that a person with cancer has the same vibration as a person who doesn’t have enough sex.??” She exclaimed in the elevator.
In that moment, I learned something about myself. I learned that I will never end up in an Italian prison. Because I will not strangle Norma Desmond. I will not punch her in the face. And when she moans about her fear of gluten, I will buy her a slice of pizza.
Directly facing the Piazza Del Duomo, next to the money exchange, there’s a pizza place where you have to stop and just binge on tomato and cheese covered carbs. We said ” OMIGOD” a lot. And “holy shit! This is awesome!”
Next, we jump on the red “Hop on Hop off ” bus and see all the neighborhoods from the top level while listening to gobs of history facts spew from the earbuds you wear to find out where you are and who conquered it in the 5th Century.
The best thing to do for dinner, is NOT a restaurant. We got off the bus in a bohemian flavored neighborhood called the Navigli where hordes of locals go to sit in cafes on the river bank and smoke cigarettes while they drink spritzes and consume unlimited quantities of appetizers for 9 euros. We grabbed a table — and in a cloud of outdoor cigarette smoke thicker than the smog in LA– we ate little plates of eggplant Parmesan and salads, roasted potatoes, and all kinds of veggies till we had our fill of Milan.
The next day we lugged our suitcases up a zillion flights of train platform stairs to go Cinque Terra to overdose on photo snapping and gelato…and take a ferry to each of the five villages clustered on the Italian Riviera.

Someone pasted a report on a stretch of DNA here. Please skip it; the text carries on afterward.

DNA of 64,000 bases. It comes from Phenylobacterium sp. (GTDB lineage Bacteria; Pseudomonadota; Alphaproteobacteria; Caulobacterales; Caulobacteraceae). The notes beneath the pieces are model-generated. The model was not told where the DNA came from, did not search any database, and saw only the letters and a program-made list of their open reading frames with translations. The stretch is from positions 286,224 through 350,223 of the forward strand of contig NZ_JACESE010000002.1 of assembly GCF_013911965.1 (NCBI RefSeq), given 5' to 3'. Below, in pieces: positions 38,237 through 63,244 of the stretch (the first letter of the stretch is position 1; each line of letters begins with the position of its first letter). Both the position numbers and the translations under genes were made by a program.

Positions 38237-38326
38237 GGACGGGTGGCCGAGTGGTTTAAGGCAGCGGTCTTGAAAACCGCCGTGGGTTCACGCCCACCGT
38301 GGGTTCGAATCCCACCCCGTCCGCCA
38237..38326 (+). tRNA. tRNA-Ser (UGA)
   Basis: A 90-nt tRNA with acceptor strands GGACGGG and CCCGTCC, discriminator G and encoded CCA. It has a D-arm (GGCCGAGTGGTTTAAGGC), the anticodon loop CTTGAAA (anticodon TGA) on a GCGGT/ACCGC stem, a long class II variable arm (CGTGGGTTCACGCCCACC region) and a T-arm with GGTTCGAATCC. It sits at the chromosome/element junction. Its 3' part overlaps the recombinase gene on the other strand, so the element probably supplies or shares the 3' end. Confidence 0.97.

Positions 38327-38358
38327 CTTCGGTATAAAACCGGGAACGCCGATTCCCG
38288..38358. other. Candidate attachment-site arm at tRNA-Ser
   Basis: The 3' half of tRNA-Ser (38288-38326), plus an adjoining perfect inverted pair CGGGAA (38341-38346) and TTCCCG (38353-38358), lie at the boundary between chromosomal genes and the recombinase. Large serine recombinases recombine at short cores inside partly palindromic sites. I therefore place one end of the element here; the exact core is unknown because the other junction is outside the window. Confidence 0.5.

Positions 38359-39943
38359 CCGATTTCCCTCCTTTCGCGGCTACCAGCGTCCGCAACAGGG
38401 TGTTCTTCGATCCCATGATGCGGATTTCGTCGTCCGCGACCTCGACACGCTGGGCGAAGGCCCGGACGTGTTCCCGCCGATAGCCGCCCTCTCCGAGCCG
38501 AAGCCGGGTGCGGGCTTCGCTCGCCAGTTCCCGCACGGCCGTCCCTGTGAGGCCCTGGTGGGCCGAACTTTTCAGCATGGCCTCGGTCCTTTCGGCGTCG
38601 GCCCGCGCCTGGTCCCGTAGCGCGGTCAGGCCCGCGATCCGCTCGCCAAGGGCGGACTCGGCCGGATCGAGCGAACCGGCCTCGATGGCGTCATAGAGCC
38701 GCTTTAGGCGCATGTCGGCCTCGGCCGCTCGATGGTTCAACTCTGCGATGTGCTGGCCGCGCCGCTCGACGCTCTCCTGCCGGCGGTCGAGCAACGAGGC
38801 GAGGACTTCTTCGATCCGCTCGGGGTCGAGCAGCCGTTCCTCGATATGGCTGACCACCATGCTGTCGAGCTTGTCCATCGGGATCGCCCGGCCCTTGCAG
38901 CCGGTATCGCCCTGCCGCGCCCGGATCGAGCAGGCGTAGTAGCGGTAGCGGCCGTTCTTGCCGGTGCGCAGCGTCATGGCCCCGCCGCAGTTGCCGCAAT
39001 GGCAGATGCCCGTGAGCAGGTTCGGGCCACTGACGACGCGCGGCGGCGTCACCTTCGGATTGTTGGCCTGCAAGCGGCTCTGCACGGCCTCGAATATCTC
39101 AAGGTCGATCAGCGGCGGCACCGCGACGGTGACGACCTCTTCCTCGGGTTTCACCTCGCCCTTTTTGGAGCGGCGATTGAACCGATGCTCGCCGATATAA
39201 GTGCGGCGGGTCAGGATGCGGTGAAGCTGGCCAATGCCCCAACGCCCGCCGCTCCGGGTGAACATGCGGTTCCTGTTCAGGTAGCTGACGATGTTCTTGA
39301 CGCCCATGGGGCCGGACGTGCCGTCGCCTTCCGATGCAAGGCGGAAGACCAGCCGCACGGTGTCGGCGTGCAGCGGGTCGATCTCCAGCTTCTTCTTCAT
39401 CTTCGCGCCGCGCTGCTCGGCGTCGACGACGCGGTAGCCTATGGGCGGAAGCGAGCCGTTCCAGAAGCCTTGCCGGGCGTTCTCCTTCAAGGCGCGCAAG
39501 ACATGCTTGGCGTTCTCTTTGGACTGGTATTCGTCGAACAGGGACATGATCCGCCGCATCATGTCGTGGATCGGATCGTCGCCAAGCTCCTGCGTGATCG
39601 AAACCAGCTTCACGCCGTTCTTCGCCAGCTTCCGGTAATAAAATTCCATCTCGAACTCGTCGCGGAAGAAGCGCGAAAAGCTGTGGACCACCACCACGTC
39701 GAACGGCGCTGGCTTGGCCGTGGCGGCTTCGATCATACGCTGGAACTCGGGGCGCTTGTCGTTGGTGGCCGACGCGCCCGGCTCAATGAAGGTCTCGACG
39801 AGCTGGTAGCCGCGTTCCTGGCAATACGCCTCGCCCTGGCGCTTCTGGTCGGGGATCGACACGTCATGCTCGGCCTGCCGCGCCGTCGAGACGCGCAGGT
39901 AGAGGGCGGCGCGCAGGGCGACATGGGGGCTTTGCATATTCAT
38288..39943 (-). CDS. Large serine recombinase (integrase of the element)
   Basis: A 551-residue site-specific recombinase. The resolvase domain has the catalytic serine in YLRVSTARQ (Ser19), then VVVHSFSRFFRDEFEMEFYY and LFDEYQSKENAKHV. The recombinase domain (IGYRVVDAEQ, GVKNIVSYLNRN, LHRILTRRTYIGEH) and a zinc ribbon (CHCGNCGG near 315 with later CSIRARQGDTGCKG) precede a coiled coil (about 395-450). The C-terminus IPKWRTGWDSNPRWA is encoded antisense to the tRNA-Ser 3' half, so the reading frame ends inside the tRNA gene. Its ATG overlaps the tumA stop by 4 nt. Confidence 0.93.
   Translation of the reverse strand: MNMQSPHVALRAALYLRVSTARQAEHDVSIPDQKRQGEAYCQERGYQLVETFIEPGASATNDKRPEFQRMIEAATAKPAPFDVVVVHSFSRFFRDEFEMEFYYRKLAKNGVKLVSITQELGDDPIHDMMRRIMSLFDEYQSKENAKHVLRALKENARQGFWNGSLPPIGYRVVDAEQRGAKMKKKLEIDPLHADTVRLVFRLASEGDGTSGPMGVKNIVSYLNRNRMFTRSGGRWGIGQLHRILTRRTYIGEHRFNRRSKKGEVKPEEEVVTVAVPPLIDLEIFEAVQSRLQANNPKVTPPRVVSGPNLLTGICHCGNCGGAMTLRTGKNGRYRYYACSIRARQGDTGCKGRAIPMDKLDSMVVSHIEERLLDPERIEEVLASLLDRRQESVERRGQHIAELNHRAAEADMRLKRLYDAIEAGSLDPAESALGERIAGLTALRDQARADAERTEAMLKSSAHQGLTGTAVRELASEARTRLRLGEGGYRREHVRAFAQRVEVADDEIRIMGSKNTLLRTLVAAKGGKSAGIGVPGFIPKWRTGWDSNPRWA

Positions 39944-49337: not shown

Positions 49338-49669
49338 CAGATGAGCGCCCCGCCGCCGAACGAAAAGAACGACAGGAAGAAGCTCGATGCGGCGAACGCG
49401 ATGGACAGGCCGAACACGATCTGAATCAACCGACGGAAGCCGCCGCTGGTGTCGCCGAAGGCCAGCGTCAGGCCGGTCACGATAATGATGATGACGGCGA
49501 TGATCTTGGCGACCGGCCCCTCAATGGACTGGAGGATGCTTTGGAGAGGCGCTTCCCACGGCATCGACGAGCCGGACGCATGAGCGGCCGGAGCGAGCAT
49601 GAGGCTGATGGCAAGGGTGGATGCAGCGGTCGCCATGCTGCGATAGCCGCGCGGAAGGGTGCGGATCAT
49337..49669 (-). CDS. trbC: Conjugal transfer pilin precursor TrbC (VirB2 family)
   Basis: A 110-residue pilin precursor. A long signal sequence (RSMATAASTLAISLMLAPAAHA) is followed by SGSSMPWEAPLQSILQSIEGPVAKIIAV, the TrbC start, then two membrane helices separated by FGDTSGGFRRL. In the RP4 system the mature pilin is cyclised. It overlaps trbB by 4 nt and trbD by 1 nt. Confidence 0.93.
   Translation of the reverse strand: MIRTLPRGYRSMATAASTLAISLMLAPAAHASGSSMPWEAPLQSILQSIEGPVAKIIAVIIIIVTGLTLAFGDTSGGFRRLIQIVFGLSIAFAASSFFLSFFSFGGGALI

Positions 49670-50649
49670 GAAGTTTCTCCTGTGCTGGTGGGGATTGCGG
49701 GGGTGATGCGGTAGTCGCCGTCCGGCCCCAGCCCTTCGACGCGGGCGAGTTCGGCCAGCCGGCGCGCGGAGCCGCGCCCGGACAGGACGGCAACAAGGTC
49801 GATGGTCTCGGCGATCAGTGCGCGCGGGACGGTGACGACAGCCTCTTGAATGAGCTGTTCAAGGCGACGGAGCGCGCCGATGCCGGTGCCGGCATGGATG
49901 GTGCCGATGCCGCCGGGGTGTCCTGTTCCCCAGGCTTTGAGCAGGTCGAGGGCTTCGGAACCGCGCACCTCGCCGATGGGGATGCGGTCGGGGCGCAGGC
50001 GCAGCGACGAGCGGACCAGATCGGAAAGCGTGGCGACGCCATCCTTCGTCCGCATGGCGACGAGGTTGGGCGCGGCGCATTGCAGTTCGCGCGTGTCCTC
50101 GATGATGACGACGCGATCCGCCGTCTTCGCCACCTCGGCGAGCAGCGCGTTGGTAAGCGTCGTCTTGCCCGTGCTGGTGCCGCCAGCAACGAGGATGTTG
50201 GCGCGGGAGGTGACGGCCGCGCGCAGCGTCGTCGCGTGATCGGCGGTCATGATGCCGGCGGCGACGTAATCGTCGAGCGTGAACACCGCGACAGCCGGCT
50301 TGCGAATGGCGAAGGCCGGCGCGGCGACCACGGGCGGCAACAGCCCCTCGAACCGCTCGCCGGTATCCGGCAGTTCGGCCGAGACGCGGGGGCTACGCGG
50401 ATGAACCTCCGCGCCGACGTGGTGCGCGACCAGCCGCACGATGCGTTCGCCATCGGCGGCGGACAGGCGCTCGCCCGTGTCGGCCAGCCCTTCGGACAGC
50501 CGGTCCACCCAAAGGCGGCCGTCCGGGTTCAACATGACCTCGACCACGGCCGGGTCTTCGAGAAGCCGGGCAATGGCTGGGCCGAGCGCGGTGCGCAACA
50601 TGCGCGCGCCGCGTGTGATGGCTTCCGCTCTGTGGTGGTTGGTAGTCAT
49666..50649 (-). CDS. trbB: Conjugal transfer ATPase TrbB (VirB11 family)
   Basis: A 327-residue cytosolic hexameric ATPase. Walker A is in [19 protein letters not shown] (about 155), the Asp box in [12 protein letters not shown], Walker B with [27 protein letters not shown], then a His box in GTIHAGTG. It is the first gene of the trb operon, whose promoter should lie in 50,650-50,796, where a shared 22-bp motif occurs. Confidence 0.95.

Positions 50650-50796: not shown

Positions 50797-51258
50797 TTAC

This was my second visit to the Cinque Terra, but this time I discovered a beach I didn’t know about in Monterosso. There’s a bunch of cafes, stores and restaurants snaking along the cliffs, and down below there’s the turquoise sea with a nice sprawl of sand and beach chairs. Sure, we’ve all been to a beach before. But in Monterosso, while you’re laying under the raging purple sky, you’ll hear church bells clanging on the hour. You’ll gaze at the colossal carving of a guy who looks like the Incredible Hulk jutting out from the mountain rock and looming over your head. A chubby cat from the neighborhood might wander near you and give you a friendly meow. It’s a whole different vibe.
We took the ferry to as many of the little towns as we could possibly walk through. The great thing about Cinque Terre is that there are no cars. Everybody has to walk to their houses which are usually at the tops of a steep cliff or a hill. I guess the locals are used to it. I even saw an old grandma trudging up a hill with a cigarette hanging out of her mouth.
The bad thing is that there are too many tourists crammed in small places like the town of Vernazza which is kind of an armpit. It’s as if there was pipeline from New Jersey that dumps obnoxious douche bags straight into the center of town. Although a lot of people go there to hike along the cliffs, I go there to sit on my ass and sip cups of thick as mud hot chocolate, and wander through the tiny shops, hoping the hot chocolate won’t make my ass too big to fit into the interesting clothes I’m buying. With the exception of Vernazza, most of the Cinque Terre is pure awesomeness. Luckily we picked the perfect neighborhood to stay in, right by the beach in Monterosso where the only armpit I encounter is the one that belongs to the colossal muscle man that’s carved out of a mountain.